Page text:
The dot.com bubble seems pretty far away, especially given how much has gone on since 9/11, the financial crisis, the election of Donald Trump to name just a few of momentous events.

Nevertheless, there is much to learn for today’s investors from the late 90s mania that sent Internet stocks rocketing to the stratosphere.

Back then, investors were dumping their boring “old economy” value stocks and buying dot.com companies that were backed by little more than a good story and high hopes. As share prices came uncoupled from traditional measures of value, euphoric pundits declared that this time truly was different.

It wasn’t. The dot-com mania ended in tears when the market crashed in 2000. In the recovery that followed, it was old-fashioned value stocks—those that are inexpensive on the basis of various metrics—that led the way until a new generation of tech stocks captured investors imaginations once again.

Fast forward to today and the promise of the Internet has become reality. The so-called FAANG companies (Facebook, Apple, Amazon, Netflix and Google) have built enormous businesses and been rewarded by equally enormous stock prices.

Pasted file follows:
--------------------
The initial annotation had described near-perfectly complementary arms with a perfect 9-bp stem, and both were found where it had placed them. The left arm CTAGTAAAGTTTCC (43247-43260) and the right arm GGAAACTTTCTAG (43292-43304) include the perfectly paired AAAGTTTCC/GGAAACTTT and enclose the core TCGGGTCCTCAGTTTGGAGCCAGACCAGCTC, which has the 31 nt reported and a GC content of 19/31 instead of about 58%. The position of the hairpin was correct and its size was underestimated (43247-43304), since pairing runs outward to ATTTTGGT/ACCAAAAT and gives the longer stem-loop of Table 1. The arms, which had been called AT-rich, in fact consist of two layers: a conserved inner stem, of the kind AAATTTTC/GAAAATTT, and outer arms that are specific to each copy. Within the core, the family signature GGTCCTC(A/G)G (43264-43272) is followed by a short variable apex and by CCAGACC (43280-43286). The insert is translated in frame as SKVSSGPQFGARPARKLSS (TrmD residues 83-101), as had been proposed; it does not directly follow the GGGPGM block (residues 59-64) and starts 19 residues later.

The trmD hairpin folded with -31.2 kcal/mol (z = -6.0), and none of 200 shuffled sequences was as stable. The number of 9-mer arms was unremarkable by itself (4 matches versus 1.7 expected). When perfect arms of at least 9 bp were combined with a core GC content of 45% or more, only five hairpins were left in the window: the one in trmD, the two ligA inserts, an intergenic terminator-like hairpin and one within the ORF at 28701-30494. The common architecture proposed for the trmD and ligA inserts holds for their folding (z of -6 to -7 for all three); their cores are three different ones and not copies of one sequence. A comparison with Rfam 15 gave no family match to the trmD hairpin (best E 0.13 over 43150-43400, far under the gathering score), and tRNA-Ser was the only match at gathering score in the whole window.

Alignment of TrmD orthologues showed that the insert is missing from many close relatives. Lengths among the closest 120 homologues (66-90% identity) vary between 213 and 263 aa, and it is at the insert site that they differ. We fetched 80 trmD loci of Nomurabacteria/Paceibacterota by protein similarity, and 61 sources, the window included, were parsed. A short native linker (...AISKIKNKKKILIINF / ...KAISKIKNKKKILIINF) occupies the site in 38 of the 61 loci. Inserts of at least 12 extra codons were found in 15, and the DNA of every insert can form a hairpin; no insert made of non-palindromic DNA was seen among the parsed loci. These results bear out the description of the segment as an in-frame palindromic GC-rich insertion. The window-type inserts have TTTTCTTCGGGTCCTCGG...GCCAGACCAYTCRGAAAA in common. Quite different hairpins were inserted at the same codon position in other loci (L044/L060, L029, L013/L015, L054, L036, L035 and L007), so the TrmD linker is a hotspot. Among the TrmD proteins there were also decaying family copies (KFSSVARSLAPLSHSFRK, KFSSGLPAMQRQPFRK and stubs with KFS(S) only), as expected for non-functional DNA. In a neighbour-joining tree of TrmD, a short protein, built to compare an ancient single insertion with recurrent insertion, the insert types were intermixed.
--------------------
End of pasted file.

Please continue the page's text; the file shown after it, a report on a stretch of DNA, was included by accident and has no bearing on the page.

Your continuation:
On their coattails, companies across a broad swath of technology sectors have also attracted the favour of investors even though the businesses still haven’t produced profits in most cases. These growth stocks have led the US stock market to record heights and once again left unglamorous value stocks lagging in the past few years.

That’s been tough for investors who have favoured value stocks based on long-term stock market history: Between 1928 and 2018, U.S. value stocks outperformed growth stocks by a whopping 3.3% on a compound annual basis, according to research by Dimensional Fund Advisors.

Based on that kind of longer-term evidence, we at PWL tilt the portfolios we manage toward value stocks. Now, you may ask: Is it time to throw in the towel after such a long stretch of underperformance?

I think that would be a mistake. You risk being like those impatient shoppers who see the line-up for the next cashier move faster than theirs and jump over, only to watch their original line-up zoom ahead.

For one thing, writing on this topic last year, our colleague Ben Felix noted that, in contrast to the U.S. market, Canadian value stocks had handily beat growth stocks over the previous decade.

Second, U.S. growth have climbed to historically unprecedented valuations while value stocks are cheap by historical standards. Indeed, a recent article in Advisor Perspectives says the gulf between the price/earnings ratios of value and growth stocks has never been this wide. Dumping value stocks now in favour of growth stock really would be a case of buying high and selling low.

Are things different this time? We don’t think so. There are good and logical reasons why value stocks have performed better than growth stock over the long run. A discussion of what those reasons are will have to wait for another column. But we’re confident value stocks will have their day in the sun once again.

In this case, as in all the others, patience and a commitment to an evidence-based approach to investing is the best way to build wealth over the long term.